The national homeownership rate rose slightly from its lowest level in half a century in the second quarter of 2016 to 63.5% in the third quarter, but it is still behind the 63.7% rate a year ago, according to data released Thursday by the U.S. Census Bureau.
There were more than 1.1 million household formations in the third quarter, up from 944,000 in the second quarter and with more than half (561,000) of them owners.
Individuals under the age of 35 accounted for 35.2% of homeowners during the third quarter, on par with a year ago but up slightly from the first (34.2%) and second (34.1%) quarters of 2016.
Following a 51-year low in the second quarter of 2016, the U.S. homeownership rate is on the rise — but only slightly. Of the 1.1 million households formed (occupied) during the period, 55.5% were owners versus 31.9% that were renters. Creating more homeowners than renters is key to recovery in the housing market and, ultimately, raising the homeownership rate, which peaked at 69.1% in 2005.
Other reports this week indicate that the tide may be shifting, albeit slowly, to homeownership for more people. Pending home sales — for which a contract is signed but the deal hasn’t closed — were up 1.5% from August to September, better than analysts had anticipated, and 2.4% from September 2015. Sales of previously owned homes also rose in September, up 3.2% from August and 0.6% from a year ago, on the strength of first-time buyers, which took their largest share of sales in more than four years.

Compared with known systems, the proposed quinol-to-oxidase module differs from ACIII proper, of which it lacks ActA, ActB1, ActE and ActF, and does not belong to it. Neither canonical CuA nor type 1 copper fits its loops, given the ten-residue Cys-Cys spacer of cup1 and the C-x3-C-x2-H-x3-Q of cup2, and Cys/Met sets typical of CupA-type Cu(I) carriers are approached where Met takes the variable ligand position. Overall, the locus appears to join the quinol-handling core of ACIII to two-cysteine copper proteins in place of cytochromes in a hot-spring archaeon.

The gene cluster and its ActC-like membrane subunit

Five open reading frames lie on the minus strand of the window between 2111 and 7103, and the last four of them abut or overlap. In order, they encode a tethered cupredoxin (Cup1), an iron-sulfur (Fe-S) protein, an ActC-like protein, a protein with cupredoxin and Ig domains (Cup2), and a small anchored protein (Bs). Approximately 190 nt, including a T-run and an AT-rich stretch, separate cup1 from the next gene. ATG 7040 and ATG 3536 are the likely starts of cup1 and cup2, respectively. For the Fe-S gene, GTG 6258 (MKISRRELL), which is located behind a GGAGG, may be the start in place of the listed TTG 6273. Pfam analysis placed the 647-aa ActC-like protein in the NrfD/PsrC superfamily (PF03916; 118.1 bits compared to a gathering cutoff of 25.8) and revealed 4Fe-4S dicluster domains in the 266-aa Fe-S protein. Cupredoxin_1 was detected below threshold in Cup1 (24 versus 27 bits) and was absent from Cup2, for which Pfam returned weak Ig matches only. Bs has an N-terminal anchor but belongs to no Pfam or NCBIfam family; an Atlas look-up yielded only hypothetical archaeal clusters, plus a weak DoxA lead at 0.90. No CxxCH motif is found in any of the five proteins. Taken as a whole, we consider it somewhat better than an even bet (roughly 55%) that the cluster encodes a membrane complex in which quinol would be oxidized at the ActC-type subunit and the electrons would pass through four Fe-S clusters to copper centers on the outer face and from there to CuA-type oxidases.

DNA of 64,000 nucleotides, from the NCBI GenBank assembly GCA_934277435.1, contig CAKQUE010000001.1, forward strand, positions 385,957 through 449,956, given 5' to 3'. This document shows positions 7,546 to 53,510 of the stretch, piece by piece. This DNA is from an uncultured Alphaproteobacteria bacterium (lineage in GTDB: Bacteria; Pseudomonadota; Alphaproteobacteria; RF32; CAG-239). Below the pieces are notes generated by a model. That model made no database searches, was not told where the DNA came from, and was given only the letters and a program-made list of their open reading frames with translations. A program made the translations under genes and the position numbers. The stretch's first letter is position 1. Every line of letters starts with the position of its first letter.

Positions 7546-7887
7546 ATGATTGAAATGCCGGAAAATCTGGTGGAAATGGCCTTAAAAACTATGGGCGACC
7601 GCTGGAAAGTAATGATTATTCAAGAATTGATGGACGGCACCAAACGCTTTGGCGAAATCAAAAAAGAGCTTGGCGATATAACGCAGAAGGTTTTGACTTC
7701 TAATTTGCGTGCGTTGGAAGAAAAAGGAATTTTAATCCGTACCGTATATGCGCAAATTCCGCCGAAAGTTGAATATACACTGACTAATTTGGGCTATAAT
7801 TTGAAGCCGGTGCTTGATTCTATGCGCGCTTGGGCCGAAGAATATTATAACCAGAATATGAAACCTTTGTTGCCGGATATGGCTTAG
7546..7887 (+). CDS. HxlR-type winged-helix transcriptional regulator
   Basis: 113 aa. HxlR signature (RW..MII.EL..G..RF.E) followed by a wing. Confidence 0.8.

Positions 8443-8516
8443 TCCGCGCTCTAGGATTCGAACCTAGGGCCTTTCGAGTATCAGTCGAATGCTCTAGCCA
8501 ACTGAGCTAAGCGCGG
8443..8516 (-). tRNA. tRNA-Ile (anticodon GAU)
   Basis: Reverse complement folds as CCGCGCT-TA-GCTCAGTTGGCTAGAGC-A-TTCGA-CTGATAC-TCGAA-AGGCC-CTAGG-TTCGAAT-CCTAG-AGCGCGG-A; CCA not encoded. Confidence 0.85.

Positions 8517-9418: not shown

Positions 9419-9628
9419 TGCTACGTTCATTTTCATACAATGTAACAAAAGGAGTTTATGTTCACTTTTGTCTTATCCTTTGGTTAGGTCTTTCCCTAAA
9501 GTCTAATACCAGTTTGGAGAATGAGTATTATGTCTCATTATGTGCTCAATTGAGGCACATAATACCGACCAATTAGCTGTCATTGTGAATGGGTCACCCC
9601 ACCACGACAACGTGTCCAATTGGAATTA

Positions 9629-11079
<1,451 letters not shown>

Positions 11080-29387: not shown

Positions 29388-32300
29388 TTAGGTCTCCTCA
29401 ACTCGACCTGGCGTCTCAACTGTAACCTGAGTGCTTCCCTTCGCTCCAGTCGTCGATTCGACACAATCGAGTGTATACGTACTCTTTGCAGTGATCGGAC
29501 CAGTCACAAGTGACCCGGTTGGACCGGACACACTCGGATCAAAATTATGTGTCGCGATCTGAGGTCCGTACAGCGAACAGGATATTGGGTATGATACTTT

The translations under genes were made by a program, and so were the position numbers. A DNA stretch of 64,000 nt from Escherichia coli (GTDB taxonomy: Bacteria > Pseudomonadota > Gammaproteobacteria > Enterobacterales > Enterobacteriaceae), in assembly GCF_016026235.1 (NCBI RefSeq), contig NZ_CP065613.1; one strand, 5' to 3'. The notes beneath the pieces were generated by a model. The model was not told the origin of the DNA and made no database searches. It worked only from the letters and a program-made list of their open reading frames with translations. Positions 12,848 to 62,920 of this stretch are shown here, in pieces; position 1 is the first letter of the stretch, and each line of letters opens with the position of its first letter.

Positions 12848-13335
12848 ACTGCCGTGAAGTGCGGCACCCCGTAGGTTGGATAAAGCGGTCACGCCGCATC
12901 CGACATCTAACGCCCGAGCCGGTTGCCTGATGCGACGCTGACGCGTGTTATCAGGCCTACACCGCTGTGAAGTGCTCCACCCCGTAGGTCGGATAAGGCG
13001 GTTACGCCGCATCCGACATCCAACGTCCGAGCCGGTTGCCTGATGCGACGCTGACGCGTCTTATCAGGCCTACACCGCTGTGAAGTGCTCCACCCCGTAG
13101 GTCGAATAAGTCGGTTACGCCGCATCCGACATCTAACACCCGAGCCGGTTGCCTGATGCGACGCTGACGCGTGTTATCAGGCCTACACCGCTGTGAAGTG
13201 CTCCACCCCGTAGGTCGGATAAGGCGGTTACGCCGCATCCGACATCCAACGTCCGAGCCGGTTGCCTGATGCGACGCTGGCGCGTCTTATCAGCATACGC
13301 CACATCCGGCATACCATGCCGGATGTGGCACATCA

A cooling in multifamily activity pulled housing starts down 9% to an annual rate of 1.047 million in September while single-family was up 8.1% for the month and 5.4% from a year ago, indicating ongoing demand for new construction. Building permits, which offer a gauge of the pipeline for future construction activity, were up 6.3% from August and 8.5% from September 2015 to 1.225 million last month.
Meanwhile, supply-side headwinds including tight existing inventory, slow gains in new construction activity and a shortage of skilled labor are pushing up home prices nationwide. Home prices were up 5.1% in August from a year earlier and are 0.1% off their peak in July 2006, according to the S&P Core Logic Case-Shiller U.S. National Home Price Index.